In another sign that the world may be slowly getting back to normal, this week after two years of meeting online, the Jersey City Municipal Council returned to City Hall. However, unlike neighbors Newark and Hoboken, Jersey City isn’t giving its residents the option of participating from home.
Marilyn Baer, communications manager for Hoboken, told the Jersey City Times yesterday that when in-person meetings resume, “[They] will have hybrid meetings, which will allow residents to attend council meetings virtually or in person.”
Mile Square City isn’t alone. Newark City Clerk Kenneth Louis told JCT that it was Brick City’s intention to offer a video simulcast of council meetings immediately upon return to their physical space and full audio-video participation as soon as they acquire the appropriate system.
Jersey City has no such plans. When asked on Tuesday whether Jersey City would offer hybrid meetings, an aide to Council President Joyce Watterman was told to respond with an emphatic no. “Meetings will be in person” Watterman, reportedly said.
Saturday’s hybrid ward commission meeting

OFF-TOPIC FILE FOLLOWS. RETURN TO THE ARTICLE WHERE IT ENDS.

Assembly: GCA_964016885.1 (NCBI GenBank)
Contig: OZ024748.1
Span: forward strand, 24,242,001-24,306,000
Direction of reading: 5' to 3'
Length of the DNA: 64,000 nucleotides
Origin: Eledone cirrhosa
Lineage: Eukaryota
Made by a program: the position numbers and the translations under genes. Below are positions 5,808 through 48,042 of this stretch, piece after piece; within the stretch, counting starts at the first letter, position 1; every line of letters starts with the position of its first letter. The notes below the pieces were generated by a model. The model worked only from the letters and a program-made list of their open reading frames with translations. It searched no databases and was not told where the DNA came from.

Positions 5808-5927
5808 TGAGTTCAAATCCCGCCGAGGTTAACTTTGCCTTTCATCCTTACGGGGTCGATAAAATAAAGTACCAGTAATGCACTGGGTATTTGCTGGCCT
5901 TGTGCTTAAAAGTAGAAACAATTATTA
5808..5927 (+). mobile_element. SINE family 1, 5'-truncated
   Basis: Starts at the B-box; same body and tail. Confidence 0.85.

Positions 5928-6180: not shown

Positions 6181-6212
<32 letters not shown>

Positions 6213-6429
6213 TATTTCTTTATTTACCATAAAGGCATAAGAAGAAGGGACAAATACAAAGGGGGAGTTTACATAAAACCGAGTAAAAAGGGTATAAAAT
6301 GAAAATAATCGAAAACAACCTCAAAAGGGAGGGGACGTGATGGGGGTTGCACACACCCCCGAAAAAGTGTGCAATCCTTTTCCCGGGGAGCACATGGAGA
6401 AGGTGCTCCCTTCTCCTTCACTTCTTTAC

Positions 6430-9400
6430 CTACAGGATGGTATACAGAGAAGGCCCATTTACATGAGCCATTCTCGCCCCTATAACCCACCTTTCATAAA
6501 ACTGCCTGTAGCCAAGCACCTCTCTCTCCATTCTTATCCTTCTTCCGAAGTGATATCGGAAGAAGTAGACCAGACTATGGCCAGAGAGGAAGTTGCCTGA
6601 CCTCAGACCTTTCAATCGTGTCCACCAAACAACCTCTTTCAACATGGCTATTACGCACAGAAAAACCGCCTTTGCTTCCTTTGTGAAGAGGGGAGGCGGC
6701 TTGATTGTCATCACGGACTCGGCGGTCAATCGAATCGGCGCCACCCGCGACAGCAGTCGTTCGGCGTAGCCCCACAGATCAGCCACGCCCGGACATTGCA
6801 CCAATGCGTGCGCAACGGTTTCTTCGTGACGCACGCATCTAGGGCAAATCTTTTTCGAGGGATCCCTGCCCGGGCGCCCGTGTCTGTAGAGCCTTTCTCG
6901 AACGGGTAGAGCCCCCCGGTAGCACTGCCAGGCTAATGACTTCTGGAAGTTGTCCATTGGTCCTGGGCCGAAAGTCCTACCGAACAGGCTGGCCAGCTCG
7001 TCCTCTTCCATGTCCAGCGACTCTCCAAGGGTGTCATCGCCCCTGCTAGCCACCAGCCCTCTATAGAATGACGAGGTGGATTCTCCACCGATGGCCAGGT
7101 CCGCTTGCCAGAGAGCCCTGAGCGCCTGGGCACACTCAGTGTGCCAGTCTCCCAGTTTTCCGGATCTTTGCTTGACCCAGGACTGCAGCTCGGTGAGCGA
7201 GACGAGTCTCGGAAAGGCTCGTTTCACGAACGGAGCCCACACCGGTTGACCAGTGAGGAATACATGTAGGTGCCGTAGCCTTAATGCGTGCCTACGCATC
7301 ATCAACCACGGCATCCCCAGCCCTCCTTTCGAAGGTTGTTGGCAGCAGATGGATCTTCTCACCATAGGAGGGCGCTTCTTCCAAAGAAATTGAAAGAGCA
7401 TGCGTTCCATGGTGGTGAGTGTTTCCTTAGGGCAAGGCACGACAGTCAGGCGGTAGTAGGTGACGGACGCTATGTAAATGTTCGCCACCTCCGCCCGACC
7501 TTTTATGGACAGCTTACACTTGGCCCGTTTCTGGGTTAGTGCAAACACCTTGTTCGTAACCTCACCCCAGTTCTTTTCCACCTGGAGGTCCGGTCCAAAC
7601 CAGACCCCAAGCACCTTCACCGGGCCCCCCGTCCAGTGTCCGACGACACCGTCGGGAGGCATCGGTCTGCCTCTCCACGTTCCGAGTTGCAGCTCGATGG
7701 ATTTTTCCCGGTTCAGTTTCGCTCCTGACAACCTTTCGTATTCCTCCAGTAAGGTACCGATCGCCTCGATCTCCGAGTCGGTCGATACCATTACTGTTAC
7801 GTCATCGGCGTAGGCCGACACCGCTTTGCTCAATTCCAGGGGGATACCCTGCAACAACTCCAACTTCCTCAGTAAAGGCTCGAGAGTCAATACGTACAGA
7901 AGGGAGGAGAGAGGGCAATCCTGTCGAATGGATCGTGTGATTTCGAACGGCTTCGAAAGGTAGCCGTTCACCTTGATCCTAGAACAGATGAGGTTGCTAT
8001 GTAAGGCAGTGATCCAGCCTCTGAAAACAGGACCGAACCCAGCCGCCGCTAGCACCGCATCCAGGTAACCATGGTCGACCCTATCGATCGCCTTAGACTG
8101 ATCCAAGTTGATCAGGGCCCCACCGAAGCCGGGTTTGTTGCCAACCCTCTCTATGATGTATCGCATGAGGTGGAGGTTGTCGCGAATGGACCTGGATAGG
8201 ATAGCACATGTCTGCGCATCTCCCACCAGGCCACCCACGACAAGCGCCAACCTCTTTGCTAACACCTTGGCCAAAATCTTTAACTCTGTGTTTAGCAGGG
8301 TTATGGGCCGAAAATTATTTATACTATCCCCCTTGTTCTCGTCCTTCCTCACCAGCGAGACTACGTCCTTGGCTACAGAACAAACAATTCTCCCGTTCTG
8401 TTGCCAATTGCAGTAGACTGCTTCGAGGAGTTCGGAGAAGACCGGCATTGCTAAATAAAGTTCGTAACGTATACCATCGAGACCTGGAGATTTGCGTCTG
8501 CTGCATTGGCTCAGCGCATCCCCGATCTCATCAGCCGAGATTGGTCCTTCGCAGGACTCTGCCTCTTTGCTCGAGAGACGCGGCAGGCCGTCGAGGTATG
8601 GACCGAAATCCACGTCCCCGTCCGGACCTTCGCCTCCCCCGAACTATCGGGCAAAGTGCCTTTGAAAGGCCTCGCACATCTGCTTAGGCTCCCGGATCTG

It’s not a position that sits well with some.
Responding to a Facebook post announcing yesterday’s meeting, Maria Ross asked, “Can meetings be hybrid? There are more JC residents now attending and participating in virtual meetings than can fit in socially distanced City Hall.”
Melissa Diller echoed Ross. “Wouldn’t the goal be to have MORE residents involved in our city? A virtual option allows anyone to be able to tune in and see what is going on.”
“Live stream interactive option is critical to all Jersey City residents!” said Mandar Mirashi.
Though there seems little interest at City Hall in hybrid meetings, the technology to have them and the skill to use it does exist. Saturday’s Ward Commission meeting which featured hundreds of comments from residents both in person and online, went off without a hitch. Indeed, some noted that the audio quality was better at home than in the council chambers.
Unsurprisingly, the two independent council members have taken a different view from Watterman, who heads up the council majority aligned with Mayor Fulop. When asked if the City Council should go hybrid, Ward F Councilman Frank Gilmore responded, “I think we should make every effort to get it done.” And Ward E Councilman James Solomon agreed. “They should be hybrid. City Council can work to provide the clerk’s office with the resources they need to accomplish that soon.”
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